The organic and biodynamic labels certified by DEFRA’s approved list (Ref 1) are by far the most effective measurement we currently have to ensure the food we choose is good, not just for us but also the environment.  The food from organic farms should contain little or no harmful chemicals and organic plants should not be grown from genetically modified or chemically treated seeds. Such chemicals not only upset the life of the soil and the plants grown in it,  but can be directly harmful to us and/or confuse our bodies into irregular management; that in turn, is harmful.


If, however, the organic farmer is only planting monocultures, is overgrazing and is continuously damaging the soil by leaving it bare, or regularly digging it up, then long-term,  the ‘natural capital’ / environmental assets might well be diminishing.

There is also an issue that organic certification is expensive for the farmer. Many in fact, especially the smaller growers, find the costs too prohibitive. Many farmers too, would rather have the freedom to very occasionally, use chemicals, if there is a dire need.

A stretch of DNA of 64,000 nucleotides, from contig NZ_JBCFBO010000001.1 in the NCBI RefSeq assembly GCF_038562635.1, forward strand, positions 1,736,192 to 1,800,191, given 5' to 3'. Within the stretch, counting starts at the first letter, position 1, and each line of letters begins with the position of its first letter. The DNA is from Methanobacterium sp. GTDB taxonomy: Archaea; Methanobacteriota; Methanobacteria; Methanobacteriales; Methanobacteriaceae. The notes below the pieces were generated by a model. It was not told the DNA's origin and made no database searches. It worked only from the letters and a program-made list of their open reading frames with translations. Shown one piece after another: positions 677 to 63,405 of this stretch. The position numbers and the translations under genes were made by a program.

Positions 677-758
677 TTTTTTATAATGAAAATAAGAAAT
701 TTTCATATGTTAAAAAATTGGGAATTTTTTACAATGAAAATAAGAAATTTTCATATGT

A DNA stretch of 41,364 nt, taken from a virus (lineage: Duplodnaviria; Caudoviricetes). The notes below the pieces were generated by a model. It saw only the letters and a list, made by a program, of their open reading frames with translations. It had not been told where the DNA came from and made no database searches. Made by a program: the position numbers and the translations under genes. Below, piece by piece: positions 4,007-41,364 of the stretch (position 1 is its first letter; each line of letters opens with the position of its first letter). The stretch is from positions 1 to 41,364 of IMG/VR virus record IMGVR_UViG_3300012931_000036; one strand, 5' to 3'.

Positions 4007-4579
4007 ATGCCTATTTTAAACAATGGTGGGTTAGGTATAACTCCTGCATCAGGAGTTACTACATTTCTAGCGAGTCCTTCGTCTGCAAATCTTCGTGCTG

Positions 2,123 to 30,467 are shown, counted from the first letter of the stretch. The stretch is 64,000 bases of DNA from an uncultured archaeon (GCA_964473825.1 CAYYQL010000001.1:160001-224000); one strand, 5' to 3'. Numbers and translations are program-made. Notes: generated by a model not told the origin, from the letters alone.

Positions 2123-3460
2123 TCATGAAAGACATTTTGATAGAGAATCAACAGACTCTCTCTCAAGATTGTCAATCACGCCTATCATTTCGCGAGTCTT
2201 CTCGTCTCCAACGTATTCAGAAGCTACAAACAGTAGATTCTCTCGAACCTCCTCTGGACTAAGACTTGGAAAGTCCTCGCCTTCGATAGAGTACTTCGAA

Organic isn’t the only answer , but an organic farmer is further down the regenerative path than many.  Thus, conventional farmers are increasingly looking towards organic farming methods for inspiration.

What is needed is a trustworthy regenerative certification, of which there are now two in the UK: and These are relatively new certifications and so you are unlikely to come across them for a while.

In the USA, Patagonia and the Rodale Institute have launched a certification scheme called Regenerative Organic Certification which you may start to see on imported goods.  Regenagri is also international.

Ref 1)